"All these people, they're all downtowners," Mike says. Mike is a big, mestizo-looking guy, so big, in fact, that people mistake him for "Hawaiian" when he leaves Texas. I think he may mean Samoan by this, but I don't press the issue. When I ask what he does for a living, I think he says "horse breaker," but it's too loud to be sure and I don't press it.
We are at a cowboy bar in downtown Fort Worth, as much as you can have a cowboy bar in downtown Fort Worth. Mike the Horse Breaker may not like the crowd much, but he's in their territory, not the other way around. Most everyone is drinking Coors or Coors Light even though Shiner Bock is much better, the same price and made in Texas.
It is here, after Mike leaves, that I first encounter Twang among the Lawman jeans and autographed cowboy hats. Twang comes wrapped like a tiny present in square wax-paper packets, which you open and dump in your mouth, then gargle with beer. It looks, to the uninitiated, like the adult version of Pixie Stix.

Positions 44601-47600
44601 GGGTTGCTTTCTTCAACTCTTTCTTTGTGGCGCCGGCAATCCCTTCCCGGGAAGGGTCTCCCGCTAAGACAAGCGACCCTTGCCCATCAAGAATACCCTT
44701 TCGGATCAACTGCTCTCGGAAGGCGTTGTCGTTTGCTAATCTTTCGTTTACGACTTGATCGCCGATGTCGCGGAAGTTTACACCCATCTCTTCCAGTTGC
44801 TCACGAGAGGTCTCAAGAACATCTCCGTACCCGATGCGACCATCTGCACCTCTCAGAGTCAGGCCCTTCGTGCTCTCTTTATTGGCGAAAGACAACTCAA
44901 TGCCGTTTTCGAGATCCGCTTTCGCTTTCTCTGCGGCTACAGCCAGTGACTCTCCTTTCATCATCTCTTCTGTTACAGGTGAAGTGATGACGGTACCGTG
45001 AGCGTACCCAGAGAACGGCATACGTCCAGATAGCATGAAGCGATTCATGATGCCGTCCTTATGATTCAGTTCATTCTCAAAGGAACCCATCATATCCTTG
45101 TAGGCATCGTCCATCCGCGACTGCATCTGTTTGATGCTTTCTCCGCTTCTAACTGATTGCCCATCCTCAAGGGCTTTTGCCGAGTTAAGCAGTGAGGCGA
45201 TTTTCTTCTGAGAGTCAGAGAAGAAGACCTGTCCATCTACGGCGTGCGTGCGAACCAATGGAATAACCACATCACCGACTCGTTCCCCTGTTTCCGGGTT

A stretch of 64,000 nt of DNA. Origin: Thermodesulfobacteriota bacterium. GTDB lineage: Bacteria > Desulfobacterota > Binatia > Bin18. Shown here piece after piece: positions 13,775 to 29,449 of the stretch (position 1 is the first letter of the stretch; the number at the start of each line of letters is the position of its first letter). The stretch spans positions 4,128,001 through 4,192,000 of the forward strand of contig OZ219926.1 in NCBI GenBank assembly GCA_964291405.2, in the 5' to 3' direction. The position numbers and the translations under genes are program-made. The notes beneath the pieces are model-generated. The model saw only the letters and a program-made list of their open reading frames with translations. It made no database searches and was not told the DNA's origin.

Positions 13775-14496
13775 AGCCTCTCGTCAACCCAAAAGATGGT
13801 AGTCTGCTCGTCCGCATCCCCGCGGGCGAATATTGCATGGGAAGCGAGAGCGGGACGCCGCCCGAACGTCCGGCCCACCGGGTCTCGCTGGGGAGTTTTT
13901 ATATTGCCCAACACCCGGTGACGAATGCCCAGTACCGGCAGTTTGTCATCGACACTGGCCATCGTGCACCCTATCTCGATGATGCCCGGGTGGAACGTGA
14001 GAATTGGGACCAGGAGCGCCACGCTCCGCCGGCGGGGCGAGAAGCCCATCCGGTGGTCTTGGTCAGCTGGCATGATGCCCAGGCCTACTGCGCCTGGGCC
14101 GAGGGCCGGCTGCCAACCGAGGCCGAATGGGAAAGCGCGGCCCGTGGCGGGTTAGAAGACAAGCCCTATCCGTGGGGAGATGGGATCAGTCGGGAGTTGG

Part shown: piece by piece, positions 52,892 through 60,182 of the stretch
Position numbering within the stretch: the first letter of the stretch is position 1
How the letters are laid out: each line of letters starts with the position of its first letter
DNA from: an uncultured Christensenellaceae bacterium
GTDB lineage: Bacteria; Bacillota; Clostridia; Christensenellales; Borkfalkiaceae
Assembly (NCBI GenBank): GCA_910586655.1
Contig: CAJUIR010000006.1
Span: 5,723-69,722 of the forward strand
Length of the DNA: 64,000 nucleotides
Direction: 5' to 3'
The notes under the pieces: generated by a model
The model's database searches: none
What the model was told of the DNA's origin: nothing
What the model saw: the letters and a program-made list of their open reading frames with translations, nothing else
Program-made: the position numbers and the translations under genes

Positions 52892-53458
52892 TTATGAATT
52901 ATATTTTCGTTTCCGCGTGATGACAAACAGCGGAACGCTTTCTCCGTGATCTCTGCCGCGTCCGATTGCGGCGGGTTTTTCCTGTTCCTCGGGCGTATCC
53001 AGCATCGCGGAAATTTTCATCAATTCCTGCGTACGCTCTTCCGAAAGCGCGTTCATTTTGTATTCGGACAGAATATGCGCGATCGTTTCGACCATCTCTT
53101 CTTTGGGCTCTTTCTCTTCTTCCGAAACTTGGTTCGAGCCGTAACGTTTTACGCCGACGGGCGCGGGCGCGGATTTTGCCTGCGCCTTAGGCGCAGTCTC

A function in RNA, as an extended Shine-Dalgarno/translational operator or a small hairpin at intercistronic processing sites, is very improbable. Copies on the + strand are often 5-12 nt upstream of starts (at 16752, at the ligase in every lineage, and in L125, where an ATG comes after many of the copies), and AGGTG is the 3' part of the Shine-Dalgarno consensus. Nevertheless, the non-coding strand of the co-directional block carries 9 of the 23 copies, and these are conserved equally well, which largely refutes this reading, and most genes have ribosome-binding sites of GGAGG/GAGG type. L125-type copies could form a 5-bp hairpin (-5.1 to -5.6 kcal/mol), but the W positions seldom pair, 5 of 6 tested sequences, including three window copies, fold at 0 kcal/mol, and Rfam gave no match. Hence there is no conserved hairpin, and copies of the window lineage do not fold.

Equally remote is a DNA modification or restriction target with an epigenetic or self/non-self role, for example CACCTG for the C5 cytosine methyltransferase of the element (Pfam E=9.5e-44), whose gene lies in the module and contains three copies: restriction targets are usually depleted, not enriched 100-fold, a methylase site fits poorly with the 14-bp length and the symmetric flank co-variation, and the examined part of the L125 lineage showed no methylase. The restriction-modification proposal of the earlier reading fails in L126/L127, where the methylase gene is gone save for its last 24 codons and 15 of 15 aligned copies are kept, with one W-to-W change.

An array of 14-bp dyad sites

In Fort Worth, all the urban cowboys use Twang somewhat surreptitiously, hiding the packets in the palms of their hands. I text message my friend Sasha in San Francisco, who's far cooler and more worldly than I am, to ask what this crazy cowboy drug is. The way you use it is so weird, I think. Sasha doesn't know, so I am even more perplexed.
And it's not until I get to Houston that I learn that Twang is just beer salts. It's a part of life so not-worth-mentioning that everyone I ask thinks I'm trying to describe something much more esoteric and obscure. Twang becomes, then, an anti-climax.
I like this story, but I can't tell it often. It doesn't play very well or, perhaps, just not in the way I like it to. I only repeat it to fellow outsiders, because somehow, in the South, it becomes a story about my ignorance, rather than the space between places.